ecstasy of st theresa
The Ecstasy of Saint Teresa (alternatively Saint Teresa in Ecstasy or Transverberation of Saint Teresa; in Italian: L’Estasi di Santa Teresa or Santa Teresa in estasi) is the central sculptural group in white marble set in an elevated aedicule in the Cornaro Chapel, Santa Maria della Vittoria, Rome. It was designed and completed by Gian Lorenzo Bernini, the leading sculptor of his day, who also designed the setting of the Chapel in marble, stucco and paint. It is generally considered to be one of the sculptural masterpieces of the High Roman Baroque. It depicts Teresa of Ávila.
Cornaro had chosen the hitherto unremarkable church of the Discalced Carmelites for his burial chapel. [a] The selected site for the chapel was the left transept that had previously held an image of ‘St. Paul in Ecstasy’, which was replaced by Bernini’s dramatization of a religious experience undergone and related by the first Discalced Carmelite saint, who had been canonised not long before, in 1622.  It was completed in 1652 for the then princely sum of 12,000 scudi. [b]
Here are a few of Bernini’s most famous sculptures.
Cardinal Federico Cornaro
Located above the altar of the Cornaro Chapel in Rome’s Santa Maria della Vittoria, Bernini’s The Ecstasy of St. Teresa represents an episode from the life of the saint as recorded in her spiritual autobiography. Teresa describes an angel carrying a fire-tipped spear with which he pierces her heart repeatedly, an act that sends her into a state of spiritual rapture. “The pain,” she writes, “was so severe that it made me utter several moans. The sweetness caused by this intense pain is so extreme that one cannot possibly wish it to cease, nor is one’s soul then content with anything but God.” (The Life of Saint Teresa of Ávila by herself, Chapter 29)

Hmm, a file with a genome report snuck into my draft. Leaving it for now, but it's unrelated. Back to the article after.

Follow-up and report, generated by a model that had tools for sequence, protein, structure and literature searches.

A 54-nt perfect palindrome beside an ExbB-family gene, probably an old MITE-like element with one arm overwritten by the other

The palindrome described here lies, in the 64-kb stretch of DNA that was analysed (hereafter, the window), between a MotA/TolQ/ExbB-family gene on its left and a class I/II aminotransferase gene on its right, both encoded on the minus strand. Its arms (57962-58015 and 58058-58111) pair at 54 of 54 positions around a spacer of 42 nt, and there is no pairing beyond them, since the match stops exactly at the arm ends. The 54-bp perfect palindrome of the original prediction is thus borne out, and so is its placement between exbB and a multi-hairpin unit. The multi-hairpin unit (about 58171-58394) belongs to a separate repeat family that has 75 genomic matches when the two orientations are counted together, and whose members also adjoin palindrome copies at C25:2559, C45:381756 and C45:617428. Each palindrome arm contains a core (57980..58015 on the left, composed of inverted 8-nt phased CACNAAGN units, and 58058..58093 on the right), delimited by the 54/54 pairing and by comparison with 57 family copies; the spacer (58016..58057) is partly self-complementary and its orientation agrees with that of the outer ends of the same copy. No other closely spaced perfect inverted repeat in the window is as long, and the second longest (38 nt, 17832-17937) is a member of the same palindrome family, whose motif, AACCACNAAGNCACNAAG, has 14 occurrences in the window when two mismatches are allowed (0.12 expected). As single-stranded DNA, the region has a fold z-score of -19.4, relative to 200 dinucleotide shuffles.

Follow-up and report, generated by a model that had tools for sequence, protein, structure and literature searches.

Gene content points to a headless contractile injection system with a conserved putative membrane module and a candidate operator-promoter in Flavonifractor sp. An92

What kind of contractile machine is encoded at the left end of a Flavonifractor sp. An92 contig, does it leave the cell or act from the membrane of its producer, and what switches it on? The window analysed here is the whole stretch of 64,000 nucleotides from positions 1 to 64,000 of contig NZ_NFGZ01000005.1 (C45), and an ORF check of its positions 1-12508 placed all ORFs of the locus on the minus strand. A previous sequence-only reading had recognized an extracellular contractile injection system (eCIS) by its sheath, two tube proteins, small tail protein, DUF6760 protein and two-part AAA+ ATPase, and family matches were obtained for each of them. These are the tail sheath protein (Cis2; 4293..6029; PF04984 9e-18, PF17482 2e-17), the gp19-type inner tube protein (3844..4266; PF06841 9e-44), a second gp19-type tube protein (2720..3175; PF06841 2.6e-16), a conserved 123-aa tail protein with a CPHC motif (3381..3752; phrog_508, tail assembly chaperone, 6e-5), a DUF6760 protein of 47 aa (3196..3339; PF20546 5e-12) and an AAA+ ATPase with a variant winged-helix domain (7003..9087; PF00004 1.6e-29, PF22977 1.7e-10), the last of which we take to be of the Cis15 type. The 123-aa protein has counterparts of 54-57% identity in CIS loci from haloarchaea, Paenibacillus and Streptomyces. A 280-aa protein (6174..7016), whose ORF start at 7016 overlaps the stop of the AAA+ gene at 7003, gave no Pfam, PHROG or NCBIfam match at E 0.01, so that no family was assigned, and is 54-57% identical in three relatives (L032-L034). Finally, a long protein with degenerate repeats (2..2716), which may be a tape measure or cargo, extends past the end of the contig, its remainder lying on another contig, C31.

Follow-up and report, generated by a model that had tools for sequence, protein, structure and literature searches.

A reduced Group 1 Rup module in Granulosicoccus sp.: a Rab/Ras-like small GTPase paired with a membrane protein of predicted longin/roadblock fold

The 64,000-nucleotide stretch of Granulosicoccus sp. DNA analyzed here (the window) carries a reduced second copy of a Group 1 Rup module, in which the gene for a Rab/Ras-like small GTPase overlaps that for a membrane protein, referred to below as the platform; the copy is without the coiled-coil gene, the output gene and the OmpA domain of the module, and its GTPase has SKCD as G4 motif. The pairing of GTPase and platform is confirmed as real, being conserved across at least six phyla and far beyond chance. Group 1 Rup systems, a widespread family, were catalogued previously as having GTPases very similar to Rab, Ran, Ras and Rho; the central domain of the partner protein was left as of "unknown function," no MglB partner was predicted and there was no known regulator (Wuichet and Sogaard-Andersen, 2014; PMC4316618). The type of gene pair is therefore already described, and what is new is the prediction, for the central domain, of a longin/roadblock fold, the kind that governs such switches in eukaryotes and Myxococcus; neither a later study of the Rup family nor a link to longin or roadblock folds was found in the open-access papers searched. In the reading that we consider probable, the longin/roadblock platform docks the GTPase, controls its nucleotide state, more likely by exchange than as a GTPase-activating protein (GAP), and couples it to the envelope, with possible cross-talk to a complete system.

Harris, Ann S. Art and Architecture of the Seventeenth Century Art. Upper Saddle River, NJ: Prentice Hall, 2004.
Figure 2. Bernini, Cornaro Chapel in Santa Maria della Vittoria, Rome
Saint Teresa describes her intensely spiritual experience in very physical, even sexual terms. Why? We know that an important goal of Baroque art is to involve the viewer. Teresa is describing this in physical terms so that we can understand. After all, being visited by an angel and filled with the love of God is no small experience. How can we, with our ordinary experiences, hope to understand the intensity and passion of her experience except on our own terms?
Upon entering the convent aged 19, Theresa became seriously ill (she has now become a patron saint for the infirm), possibly depressed and subjecting her body to self-mutilation.
Although some art historians insist that Bernini could not possibly have intended to imbue this subject with an erotic energy, as that would have been inconceivably heretical for that time, in reality the concupiscent implications of this work are unmistakable: the beautiful, bare-chested young angle gently opens Theresa’s dress, preparing to penetrate her with his arrow, while the saint throws back her head with an expression of ecstasy.